Yahoo is weighing an offer from its Asian allies, the Chinese ecommerce company Alibaba and Yahoo Japan, that would involve it selling back its stakes in those companies, according to people familiar with the situation.
The decision to consider the proposal, which was first presented in October, comes as the embattled US internet company is pursuing a parallel plan to sell a large minority stake to an outside investor, and could represent a breakthrough in Yahoo's attempts to resolve the questions about its future.
Yahoo has already received at least two proposals from private equity investors interested in taking a 20 per cent stake in the company, and is expected to receive one or two more this week, said people familiar with the matter.
The parallel initiatives are expected to be presented at a regularly scheduled board meeting of the internet company on Wednesday. The discussions about Yahoo's various options have entered a "new phase", according to one person familiar with the process, with Yahoo pressing to reach an early resolution, although no hard deadline has been set.
News of the talks over Yahoo's Asian stakes follows protracted pressure from Jack Ma, head of Alibaba, to persuade the US company to part with its 42 per cent stake in the Chinese company. Along with Softbank, Yahoo's partner in the Japanese venture, Alibaba has also held talks with private equity firms about making a full bid for the US company in order to unlock the Asian stakes, according to a person familiar with the situation.
Under the plan that Yahoo has is now considering, the US company Yahoo would dispose of its stakes in Yahoo Japan and Alibaba using a tax-efficient structure, known as a cash-rich split. While it is discussing such a proposal with both Asian companies, one person familiar with the matter suggested that the parties need not proceed jointly, with discussions around the Japanese stake seen as further advanced.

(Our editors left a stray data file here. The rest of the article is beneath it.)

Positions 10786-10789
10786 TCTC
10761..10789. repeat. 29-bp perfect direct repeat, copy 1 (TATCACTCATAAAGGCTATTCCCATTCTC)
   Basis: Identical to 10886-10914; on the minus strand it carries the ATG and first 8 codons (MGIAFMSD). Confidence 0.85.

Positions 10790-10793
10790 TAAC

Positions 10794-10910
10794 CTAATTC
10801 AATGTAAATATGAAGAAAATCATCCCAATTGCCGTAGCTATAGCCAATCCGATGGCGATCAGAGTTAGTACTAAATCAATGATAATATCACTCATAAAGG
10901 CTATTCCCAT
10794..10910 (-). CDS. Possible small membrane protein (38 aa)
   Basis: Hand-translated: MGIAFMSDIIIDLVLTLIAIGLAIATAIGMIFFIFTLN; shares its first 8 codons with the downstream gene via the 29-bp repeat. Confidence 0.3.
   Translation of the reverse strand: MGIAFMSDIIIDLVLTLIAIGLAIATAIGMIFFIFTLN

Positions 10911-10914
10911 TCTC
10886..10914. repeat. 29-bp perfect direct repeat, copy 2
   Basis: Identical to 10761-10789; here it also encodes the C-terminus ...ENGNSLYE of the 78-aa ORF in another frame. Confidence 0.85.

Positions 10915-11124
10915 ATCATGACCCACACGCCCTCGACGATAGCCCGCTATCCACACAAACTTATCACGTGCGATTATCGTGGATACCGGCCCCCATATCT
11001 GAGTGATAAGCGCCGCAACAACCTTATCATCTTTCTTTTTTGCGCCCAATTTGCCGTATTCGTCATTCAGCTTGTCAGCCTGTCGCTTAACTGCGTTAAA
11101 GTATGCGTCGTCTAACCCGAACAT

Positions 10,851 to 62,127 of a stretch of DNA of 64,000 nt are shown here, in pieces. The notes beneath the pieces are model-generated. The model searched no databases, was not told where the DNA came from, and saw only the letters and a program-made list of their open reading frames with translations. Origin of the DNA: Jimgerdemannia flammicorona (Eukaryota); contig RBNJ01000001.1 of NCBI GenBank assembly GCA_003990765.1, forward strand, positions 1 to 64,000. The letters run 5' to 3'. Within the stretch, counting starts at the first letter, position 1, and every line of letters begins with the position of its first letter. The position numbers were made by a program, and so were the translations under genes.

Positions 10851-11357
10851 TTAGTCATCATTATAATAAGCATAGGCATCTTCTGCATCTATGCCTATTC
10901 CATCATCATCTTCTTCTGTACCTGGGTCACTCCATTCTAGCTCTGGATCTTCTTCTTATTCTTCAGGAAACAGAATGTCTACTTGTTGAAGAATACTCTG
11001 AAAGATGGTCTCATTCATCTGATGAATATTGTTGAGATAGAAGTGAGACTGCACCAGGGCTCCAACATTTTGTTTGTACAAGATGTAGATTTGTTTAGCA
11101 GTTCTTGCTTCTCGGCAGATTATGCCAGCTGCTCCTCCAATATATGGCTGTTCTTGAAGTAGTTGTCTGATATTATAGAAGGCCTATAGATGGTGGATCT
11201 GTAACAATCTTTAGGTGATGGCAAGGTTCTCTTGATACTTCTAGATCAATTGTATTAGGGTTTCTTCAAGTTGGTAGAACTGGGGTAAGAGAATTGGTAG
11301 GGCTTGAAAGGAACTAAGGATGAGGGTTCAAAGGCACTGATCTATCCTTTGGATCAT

The complex interlocking shareholdings between the companies and the need to come up with a tax-efficient structure for any deal still makes it hard to come up with a quick solution, one person close to the process warned. "It's not the kind of thing you can do on the back of an envelope," this person said.
Meanwhile, Yahoo has been discussing selling a large minority stake with private equity firm Silver Lake, which has teamed up with Microsoft, and TPG. Other groups are currently working on whether to submit an indication of interest, with KKR and Providence among those cited by some people familiar with the situation as doing serious work on a proposal.
Other groups, including Blackstone, are considering their options around Yahoo but have not yet signed the confidentiality agreement required by the company in the bidding process.
The strategic review, which aims to bolster the company's core internet properties with new cash from an outside investor, is happening in tandem with the consideration of the proposals from the Asian companies.More News From Financial Times
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